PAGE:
A prequel set before the haunting of the Lambert family that reveals how gifted psychic Elise Rainier reluctantly agrees to use her ability to contact the dead in order to help a teenage girl who has been targeted by a dangerous supernatural entity.
True-crime writer Ellison Oswalt moves himself and his family into a house where a horrific crime took place earlier, but his family doesn't know. He begins researching the crime so that he can write a new book about it to help his flailing career. He uses some "snuff" film footage he finds in the house to help him in his research, but he soon finds more than he bargained for. There is a figure in each of the films but who or what is it? As a result, his family start to suffer (as does he) and things take a turn for the worst. Will they survive?Written by
Michael Hallows Eve
The name 'Bughuul' translates back to 'Boogeyman'. See more »
(at around 34 mins) When printing out the picture of the symbol the computer says "printing 2 items" when it was only told to print one. Also, when the printer prints the picture, only one paper comes out. See more »
"Sinister"- A solid and satisfying creep-show despite a clunky third act.
Say what you will about the varying quality of their releases- popular horror film production company Blumhouse really has a good thing going these days. With micro-budget features like the "Insidious" and "Paranormal Activity" series that are reliant on genuine scares over effects, and some very decent and high-quality releases under their name, its a modern day rags-to-riches story like few others. A company that has flourished without having to spend the hundreds of millions that bigger studios throw around. And one of their more fascinating releases of the past few years has most certainly been director Scott Derrickson and co-writer C. Robert Cargill's atmospheric and unsettling freak-show "Sinister." It has all the trademarks of an inferior film- plenty of jumps, lots of blood-'n-gore that is questionable, a blaring soundtrack. And yet, I feel it rises above many other films because of one thing- expert building and payoff of atmosphere.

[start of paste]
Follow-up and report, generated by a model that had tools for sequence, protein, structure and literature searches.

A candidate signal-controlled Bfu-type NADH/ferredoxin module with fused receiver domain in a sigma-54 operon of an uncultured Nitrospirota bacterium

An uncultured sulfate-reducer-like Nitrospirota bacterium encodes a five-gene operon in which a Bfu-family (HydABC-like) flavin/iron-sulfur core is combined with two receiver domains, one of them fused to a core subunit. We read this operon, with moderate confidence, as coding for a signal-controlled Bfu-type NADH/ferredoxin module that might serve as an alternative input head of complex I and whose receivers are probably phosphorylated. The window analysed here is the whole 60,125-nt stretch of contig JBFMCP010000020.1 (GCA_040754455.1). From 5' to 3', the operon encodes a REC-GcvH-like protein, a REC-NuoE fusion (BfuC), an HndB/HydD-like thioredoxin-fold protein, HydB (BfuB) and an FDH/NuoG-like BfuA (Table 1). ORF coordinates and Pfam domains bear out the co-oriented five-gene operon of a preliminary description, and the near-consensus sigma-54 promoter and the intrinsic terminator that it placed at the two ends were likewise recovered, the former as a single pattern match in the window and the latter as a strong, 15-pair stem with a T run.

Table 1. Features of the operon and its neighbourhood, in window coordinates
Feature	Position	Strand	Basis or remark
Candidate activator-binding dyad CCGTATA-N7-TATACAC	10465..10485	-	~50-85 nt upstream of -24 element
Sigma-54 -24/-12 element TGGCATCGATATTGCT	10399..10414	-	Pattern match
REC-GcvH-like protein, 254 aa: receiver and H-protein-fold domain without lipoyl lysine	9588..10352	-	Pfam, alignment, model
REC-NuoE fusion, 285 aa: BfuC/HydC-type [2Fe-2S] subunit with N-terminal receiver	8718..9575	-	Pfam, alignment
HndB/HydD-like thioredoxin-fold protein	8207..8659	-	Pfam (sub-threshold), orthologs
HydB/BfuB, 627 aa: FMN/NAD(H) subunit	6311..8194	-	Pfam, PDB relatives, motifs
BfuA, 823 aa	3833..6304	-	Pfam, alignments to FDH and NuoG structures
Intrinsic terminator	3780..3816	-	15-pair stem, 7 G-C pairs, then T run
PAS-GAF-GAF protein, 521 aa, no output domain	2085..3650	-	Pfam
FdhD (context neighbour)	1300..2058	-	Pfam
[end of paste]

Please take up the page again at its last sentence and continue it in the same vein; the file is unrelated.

We follow the story of true-crime writer Ellison Oswalt (Ethan Hawke), who moves his family into a new house... though his wife and children are unaware that their new home is also the location of an infamous unsolved murder, which Ellison is hoping to use as the basis for a new book. Soon enough, while doing research, Ellison discovers a mysterious box packed away in the attic that houses a collection of 8mm film strips appearing to depict almost ritualistic murders, all with one thing in common- the death of an entire family. As Ellison tries to solve the mystery of these dark and devious film-strips, his family soon finds itself haunted by strange happenings and unexplainable events... which may very well be tied the spirits of the slain victims and a demonic figure that Ellison begins to recognize as he continually appears again and again during his investigation...